Cam Donaldson: Covid-19 and the economic case for a national care service

The exposure of care home residents to covid-19 during the past year has led to calls for a system review, including, as an option, a National Care Service (NCS). Scotland has taken the plunge and now has proposals tabled for a NCS. [1] Most advanced economies, save the United States, have learned the lesson that publicly funded healthcare is not only more equitable, but also more efficient. Hence, 80% of healthcare funding in the UK comes from the public purse. In 2018, approximately £100 billion worth of care support was provided informally (i.e. privately), with an additional £22 billion from local authorities and £11 billion funded privately. [2] A substantial, unspecified, proportion of the £22 billion comes from (private) user contributions.

The proposals for a national care service in Scotland are based on a human rights perspective. But the dominance of public funding in healthcare lies in economic as well as such humanitarian arguments. The economic arguments are not financial either, but rather rest on three sources of market failure, first brought together by Canadian economist, Robert Evans. [3] In economics, market failure does not equate to a dislike of free markets. Many of us dislike the fact that only some people can afford luxury cars, but rarely do we hear a case being made for a National Car Service. Market failure is quite specific, arising when markets struggle to account fully for important characteristics of commodities; rendering their allocation sub-optimal relative to when governments intervene. An NHS is an extreme, but justifiable and popular, form of this. Yet, how the market failure case for an NHS transfers to a case for an NCS has never been examined. 

The failure of private insurance

Without government intervention, insurance markets would develop to deal with unpredictable healthcare needs. In this sense, social care is no different. However, with financial risks mitigated by insurance, costs receive less emphasis in decisions of consumers and providers. Such “moral hazard” is behind historic inflation in US healthcare, exacerbated by administrative costs (of billing and advertising) which inflate premiums so much that people who would otherwise be insured are priced out of the market. Administrative costs are substantial in private as opposed to public systems. [4]

In public systems, government funding and supply-side controls (limiting human and capital resource) make it easier to control costs and spread administrative burdens across large populations. A naïve observer would promote user charges to control costs. However, charges simply encourage the system to switch its care-giving powers to those willing and able to pay. Exemptions help, but add further administration costs. These challenges are eliminated with extensive government intervention.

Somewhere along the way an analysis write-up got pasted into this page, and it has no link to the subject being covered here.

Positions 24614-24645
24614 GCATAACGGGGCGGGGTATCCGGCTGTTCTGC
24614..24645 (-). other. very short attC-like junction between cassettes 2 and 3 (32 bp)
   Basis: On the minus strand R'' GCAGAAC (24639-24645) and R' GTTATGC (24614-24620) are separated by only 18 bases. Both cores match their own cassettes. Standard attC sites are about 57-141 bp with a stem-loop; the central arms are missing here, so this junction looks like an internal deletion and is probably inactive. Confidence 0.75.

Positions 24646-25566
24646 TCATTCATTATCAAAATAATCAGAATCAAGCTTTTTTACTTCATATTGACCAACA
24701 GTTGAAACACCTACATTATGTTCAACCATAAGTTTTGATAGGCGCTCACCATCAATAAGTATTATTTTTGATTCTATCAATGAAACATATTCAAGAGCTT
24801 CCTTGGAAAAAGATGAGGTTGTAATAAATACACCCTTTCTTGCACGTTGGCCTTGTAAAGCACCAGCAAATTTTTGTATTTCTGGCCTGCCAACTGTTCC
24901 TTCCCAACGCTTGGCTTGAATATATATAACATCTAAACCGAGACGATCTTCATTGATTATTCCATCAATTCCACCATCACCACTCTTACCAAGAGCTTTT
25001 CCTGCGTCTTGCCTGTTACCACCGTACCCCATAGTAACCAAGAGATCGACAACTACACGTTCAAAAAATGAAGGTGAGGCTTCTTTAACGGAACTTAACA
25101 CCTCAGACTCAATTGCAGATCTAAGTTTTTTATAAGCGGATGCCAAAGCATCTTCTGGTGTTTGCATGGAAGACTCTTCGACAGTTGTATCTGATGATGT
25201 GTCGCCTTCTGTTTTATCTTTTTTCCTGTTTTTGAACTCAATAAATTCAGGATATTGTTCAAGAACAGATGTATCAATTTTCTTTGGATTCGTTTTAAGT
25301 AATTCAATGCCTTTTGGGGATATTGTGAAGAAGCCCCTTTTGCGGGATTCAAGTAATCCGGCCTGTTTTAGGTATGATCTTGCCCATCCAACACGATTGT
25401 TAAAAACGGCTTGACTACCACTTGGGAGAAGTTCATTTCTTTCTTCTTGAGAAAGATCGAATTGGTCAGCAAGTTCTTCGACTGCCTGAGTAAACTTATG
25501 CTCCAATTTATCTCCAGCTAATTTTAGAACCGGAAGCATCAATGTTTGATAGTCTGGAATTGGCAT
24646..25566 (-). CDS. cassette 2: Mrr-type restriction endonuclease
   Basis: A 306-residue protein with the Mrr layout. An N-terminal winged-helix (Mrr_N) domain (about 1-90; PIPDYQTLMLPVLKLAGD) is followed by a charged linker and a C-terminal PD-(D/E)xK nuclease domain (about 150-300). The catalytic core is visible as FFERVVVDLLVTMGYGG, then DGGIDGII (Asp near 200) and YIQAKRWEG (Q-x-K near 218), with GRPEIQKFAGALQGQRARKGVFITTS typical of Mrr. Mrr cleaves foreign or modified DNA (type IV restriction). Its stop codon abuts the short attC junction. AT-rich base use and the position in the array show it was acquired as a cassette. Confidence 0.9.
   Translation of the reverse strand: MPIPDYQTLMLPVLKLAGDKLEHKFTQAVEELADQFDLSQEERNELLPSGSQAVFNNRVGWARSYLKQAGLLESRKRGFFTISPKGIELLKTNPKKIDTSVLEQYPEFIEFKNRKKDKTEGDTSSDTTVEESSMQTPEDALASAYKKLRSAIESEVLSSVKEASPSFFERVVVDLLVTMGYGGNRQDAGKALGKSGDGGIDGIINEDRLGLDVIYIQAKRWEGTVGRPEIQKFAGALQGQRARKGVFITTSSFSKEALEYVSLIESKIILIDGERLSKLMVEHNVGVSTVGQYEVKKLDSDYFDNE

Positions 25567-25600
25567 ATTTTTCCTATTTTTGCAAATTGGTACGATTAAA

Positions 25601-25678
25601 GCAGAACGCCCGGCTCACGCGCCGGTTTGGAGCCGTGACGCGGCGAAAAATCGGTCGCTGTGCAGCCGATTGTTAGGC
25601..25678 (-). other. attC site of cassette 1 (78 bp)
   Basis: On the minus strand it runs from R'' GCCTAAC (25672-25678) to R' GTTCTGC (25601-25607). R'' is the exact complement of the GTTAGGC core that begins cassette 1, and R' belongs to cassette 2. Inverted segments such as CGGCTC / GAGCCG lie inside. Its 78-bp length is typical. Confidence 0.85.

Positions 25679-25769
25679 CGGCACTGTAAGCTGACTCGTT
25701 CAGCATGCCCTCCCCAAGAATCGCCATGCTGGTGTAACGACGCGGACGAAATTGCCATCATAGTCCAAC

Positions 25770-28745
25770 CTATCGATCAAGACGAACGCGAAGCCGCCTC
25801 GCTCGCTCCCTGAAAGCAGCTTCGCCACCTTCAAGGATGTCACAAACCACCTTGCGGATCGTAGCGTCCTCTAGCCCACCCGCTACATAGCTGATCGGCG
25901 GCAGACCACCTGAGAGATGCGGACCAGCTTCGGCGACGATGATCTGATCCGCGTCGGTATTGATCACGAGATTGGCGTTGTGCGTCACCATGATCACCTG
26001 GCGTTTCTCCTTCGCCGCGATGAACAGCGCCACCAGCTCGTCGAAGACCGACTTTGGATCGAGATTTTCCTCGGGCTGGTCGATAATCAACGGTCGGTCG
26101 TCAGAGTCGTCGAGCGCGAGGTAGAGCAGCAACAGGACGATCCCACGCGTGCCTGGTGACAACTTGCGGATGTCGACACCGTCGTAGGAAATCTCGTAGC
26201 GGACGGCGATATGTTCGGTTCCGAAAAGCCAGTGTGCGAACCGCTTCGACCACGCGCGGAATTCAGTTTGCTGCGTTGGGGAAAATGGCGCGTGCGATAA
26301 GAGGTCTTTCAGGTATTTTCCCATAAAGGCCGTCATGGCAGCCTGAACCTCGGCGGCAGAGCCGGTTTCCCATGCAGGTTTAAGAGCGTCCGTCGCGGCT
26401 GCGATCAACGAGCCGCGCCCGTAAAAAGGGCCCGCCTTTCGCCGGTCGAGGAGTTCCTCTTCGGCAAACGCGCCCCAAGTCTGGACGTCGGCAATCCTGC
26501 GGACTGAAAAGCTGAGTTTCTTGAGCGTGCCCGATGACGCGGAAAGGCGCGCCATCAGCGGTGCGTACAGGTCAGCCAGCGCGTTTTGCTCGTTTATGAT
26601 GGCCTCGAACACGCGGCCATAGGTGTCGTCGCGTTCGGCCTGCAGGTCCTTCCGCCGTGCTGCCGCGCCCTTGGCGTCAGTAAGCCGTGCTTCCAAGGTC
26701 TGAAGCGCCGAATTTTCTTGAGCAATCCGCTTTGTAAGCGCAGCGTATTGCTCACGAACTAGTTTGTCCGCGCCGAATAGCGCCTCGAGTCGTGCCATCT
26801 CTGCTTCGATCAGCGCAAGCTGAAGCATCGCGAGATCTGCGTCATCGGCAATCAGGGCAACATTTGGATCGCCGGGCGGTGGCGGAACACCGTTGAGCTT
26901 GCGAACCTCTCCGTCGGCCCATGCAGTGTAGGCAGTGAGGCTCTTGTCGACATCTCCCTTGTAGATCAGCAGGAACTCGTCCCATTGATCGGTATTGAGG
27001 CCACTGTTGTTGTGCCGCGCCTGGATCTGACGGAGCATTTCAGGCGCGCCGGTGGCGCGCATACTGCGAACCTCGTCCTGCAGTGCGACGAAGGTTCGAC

Lack of consumer knowledge

Markets work well in maintaining quality when consumers are informed, which is less so in health or social care. To maintain standards, we grant license to qualified professionals. But this inadvertently creates powerful professional bodies, requiring “countervailing power” of government to negotiate over pay and provision. [6] In social care, providers can use their knowledge advantage to specify care packages which may not be in line with what a fully-informed consumer would wish; thus requiring government, with its countervailing collective power, to step in.

The “caring externality”: markets don’t care, but people do

Well-functioning insurance markets tailor premiums to risk. However, this leads the rich (usually healthier) to pay less while those in greater need (usually on lower-incomes) pay more. Many of the latter thus opt out of coverage and the market segments, leading to different quality for different groups.  These types of “adverse selection” count as market failure because those with required access are also willing to pay to ensure access for others too. Markets, focusing only on individuals acting on their own behalf, cannot facilitate this. The most effective way to achieve the transfers necessary to ensure universal coverage, whether for health or social care, is through taxation.


Successive governments have considered divesting themselves from funding healthcare since the early 1950s. The subsequent 1956 Guillebaud Report declared the NHS value for money. Despite differences across countries, the stunning common feature, internationally, is achievement of (or moves towards) universal coverage through collective, not private, “insurance.” The alternative, illustrated by the US, even with its mixed system of funding, is spending twice as much, with multiple levels of access to care and variations in quality according to types of coverage. Does this ring any bells? It is the comprehensiveness of market failure in healthcare which sustains the case for public funding as both equitable and efficient. If this case resonates for social care, then surely the time for a NCS has arrived.

Cam Donaldson, Yunus Chair and Pro Vice Chancellor Research, Glasgow Caledonian University, G4 0BA.

Competing interests: none declared.


  1. Independent Review of Adult Social Care in Scotland. The Scottish Government, February 2021. 
  2. Adult social care at a glance. National Audit Office, 2018.
  3. Evans RG, Strained Mercy: the Economics of Canadian Health Care. Butterworth, Toronto, 1984.
  4. Woolhandler S, Campbell T and Himmelstein DU. Cost of health care administration in the United States and Canada. N Eng J Med 2003; 349: 768-775.